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"Muu" projekt LSHG-CT-2003-503329
LSHG-CT-2003-503329 "ATD - The Alternate Transcript Diversity Project (1.03.2004−28.02.2007)", Jaak Vilo, Eesti Biokeskus.
LSHG-CT-2003-503329
LSHG-CT-2003-503329
ATD - The Alternate Transcript Diversity Project
ATD - The Alternate Transcript Diversity Project
1.03.2004
28.02.2007
Teadus- ja arendusprojekt
Muu
ValdkondAlamvaldkondCERCS erialaFrascati Manual’i erialaProtsent
1. Bio- ja keskkonnateadused1.12. Bio- ja keskkonnateadustega seotud uuringud, näiteks biotehnoloogia, molekulaarbioloogia, rakubioloogia, biofüüsika, majandus- ja tehnoloogiauuringudT490 Biotehnoloogia 1.5. Bioteadused (bioloogia, botaanika, bakterioloogia, mikrobioloogia, zooloogia, entomoloogia, geneetika, biokeemia, biofüüsika jt100,0
AsutusRollPeriood
Eesti Biokeskuspartner01.03.2004−28.02.2007
AsutusRiikTüüp
EU FP6
PerioodSumma
01.03.2004−28.02.20071 755 549,00 EEK (112 200,03 EUR)
112 200,03 EUR
0,00 EUR
FP6

Production of mature mRNA transcripts in vertebrates is regulated at three stages: transcription initiation, splicing and polyadenylation. The combinatorial arrangement of variations at each stage generates, from a single gene, a variety of mRNA isoforms with different start sites, exons or 3' UTRs. Expression of Alternative Transcripts (AT) has been observed to be specific to tissue-type or developmental stage. Disruptions in expression patterns have serious consequences for an organism and are associated with numerous diseases, including cancer, multiple sclerosis, heart failure and neurodegenerative disorders. Identifying disease-specific ATs can lead to development of novel drug targets or markers. European bioinformatics laboratories have contributed to identification of variants of transcript start site, of splicing, and of polyadenylation sites. Our objective here is to develop and integrate these independent approaches in order to derive a unified view of AT formation and create a genome-scale reference database for human AT; such a data is envisaged to include alternate transcript structures, functional consequences of variations, phylogenetic conservation, and references to other major genome and proteome resources. In addition, we will seek to identify tissue-or disease-specificity of isoforms using bioinformatics approaches. This will potentially reveal co-regulated expression patterns and associated regulatory motifs involved in transcript maturation. Finally, a selection of alternative transcripts will be submitted to experimental validation using semi-quantitative RT-PCR.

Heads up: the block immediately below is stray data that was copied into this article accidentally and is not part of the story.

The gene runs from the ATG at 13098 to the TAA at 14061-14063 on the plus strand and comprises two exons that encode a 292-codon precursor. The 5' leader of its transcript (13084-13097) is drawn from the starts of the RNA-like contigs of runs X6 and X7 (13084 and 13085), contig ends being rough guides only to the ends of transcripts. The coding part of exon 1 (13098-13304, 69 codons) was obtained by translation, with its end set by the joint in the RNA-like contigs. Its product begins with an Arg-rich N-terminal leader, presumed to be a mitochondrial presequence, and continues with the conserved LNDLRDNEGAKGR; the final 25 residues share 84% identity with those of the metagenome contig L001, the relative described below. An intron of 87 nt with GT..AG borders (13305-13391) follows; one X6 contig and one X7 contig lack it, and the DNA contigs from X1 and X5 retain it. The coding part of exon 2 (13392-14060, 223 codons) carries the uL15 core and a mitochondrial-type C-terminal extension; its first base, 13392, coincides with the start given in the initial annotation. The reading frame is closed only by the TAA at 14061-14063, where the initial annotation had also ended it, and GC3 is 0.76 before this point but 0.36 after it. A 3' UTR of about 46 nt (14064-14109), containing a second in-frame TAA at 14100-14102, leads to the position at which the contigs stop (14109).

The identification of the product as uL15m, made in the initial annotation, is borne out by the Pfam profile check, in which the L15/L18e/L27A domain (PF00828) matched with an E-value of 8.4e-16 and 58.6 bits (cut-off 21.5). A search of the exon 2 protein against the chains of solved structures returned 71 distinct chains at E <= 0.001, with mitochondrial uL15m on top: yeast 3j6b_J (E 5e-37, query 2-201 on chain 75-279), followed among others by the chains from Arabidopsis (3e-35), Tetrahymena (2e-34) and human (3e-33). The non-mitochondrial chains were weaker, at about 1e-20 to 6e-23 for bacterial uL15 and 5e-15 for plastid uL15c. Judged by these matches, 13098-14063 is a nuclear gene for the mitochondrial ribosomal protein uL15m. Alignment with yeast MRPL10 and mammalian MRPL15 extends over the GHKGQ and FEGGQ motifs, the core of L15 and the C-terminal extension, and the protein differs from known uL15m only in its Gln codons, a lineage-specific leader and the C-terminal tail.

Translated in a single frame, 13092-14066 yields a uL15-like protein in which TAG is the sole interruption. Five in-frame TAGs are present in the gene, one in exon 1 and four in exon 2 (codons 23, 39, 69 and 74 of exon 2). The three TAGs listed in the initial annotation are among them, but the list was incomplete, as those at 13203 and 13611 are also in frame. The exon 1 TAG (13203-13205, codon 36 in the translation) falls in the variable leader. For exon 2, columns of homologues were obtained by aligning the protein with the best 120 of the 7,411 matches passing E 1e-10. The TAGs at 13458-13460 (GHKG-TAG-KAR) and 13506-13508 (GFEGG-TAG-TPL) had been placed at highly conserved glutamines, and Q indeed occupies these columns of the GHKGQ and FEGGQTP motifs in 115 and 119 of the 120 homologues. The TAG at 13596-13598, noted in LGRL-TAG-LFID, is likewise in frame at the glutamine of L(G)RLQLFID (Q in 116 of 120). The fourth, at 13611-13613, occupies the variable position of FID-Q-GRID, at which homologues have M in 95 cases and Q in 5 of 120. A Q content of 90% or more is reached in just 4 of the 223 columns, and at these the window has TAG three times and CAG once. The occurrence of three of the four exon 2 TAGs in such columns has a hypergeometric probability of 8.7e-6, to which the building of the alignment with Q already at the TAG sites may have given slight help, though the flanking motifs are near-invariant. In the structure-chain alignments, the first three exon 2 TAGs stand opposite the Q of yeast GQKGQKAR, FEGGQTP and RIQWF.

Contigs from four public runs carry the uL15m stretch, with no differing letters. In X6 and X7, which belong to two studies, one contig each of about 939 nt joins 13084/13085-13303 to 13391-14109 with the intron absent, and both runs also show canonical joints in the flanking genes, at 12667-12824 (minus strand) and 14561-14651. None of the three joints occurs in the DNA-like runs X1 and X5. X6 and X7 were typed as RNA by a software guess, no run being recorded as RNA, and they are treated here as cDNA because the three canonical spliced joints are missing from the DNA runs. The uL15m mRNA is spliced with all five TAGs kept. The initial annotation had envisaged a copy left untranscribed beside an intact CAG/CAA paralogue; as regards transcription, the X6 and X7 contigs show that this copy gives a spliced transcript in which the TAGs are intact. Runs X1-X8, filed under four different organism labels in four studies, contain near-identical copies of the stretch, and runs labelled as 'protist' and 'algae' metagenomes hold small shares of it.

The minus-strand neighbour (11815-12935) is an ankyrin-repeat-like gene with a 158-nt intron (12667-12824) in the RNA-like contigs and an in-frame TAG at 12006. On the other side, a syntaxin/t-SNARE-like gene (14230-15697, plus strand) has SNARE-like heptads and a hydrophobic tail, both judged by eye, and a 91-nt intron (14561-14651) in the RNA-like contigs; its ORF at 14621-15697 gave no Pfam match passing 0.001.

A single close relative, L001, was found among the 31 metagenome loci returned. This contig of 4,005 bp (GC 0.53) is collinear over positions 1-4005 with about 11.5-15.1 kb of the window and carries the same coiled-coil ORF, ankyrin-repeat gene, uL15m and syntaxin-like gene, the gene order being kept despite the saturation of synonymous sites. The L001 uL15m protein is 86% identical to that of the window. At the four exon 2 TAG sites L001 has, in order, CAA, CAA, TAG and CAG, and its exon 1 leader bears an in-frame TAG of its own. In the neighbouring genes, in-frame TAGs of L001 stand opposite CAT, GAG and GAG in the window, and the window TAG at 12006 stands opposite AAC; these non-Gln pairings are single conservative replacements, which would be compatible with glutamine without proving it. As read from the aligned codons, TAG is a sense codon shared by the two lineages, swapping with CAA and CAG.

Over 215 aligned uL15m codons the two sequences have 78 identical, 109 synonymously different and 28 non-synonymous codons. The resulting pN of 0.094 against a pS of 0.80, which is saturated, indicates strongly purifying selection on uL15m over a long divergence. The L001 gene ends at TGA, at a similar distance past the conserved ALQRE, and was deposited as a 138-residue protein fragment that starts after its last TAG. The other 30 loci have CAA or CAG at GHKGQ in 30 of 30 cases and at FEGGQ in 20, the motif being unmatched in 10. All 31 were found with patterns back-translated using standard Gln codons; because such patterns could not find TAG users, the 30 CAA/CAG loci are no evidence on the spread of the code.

Production of mature mRNA transcripts in vertebrates is regulated at three stages: transcription initiation, splicing and polyadenylation. The combinatorial arrangement of variations at each stage generates, from a single gene, a variety of mRNA isoforms with different start sites, exons or 3' UTRs. Expression of Alternative Transcripts (AT) has been observed to be specific to tissue-type or developmental stage. Disruptions in expression patterns have serious consequences for an organism and are associated with numerous diseases, including cancer, multiple sclerosis, heart failure and neurodegenerative disorders. Identifying disease-specific ATs can lead to development of novel drug targets or markers. European bioinformatics laboratories have contributed to identification of variants of transcript start site, of splicing, and of polyadenylation sites. Our objective here is to develop and integrate these independent approaches in order to derive a unified view of AT formation and create a genome-scale reference database for human AT; such a data is envisaged to include alternate transcript structures, functional consequences of variations, phylogenetic conservation, and references to other major genome and proteome resources. In addition, we will seek to identify tissue-or disease-specificity of isoforms using bioinformatics approaches. This will potentially reveal co-regulated expression patterns and associated regulatory motifs involved in transcript maturation. Finally, a selection of alternative transcripts will be submitted to experimental validation using semi-quantitative RT-PCR.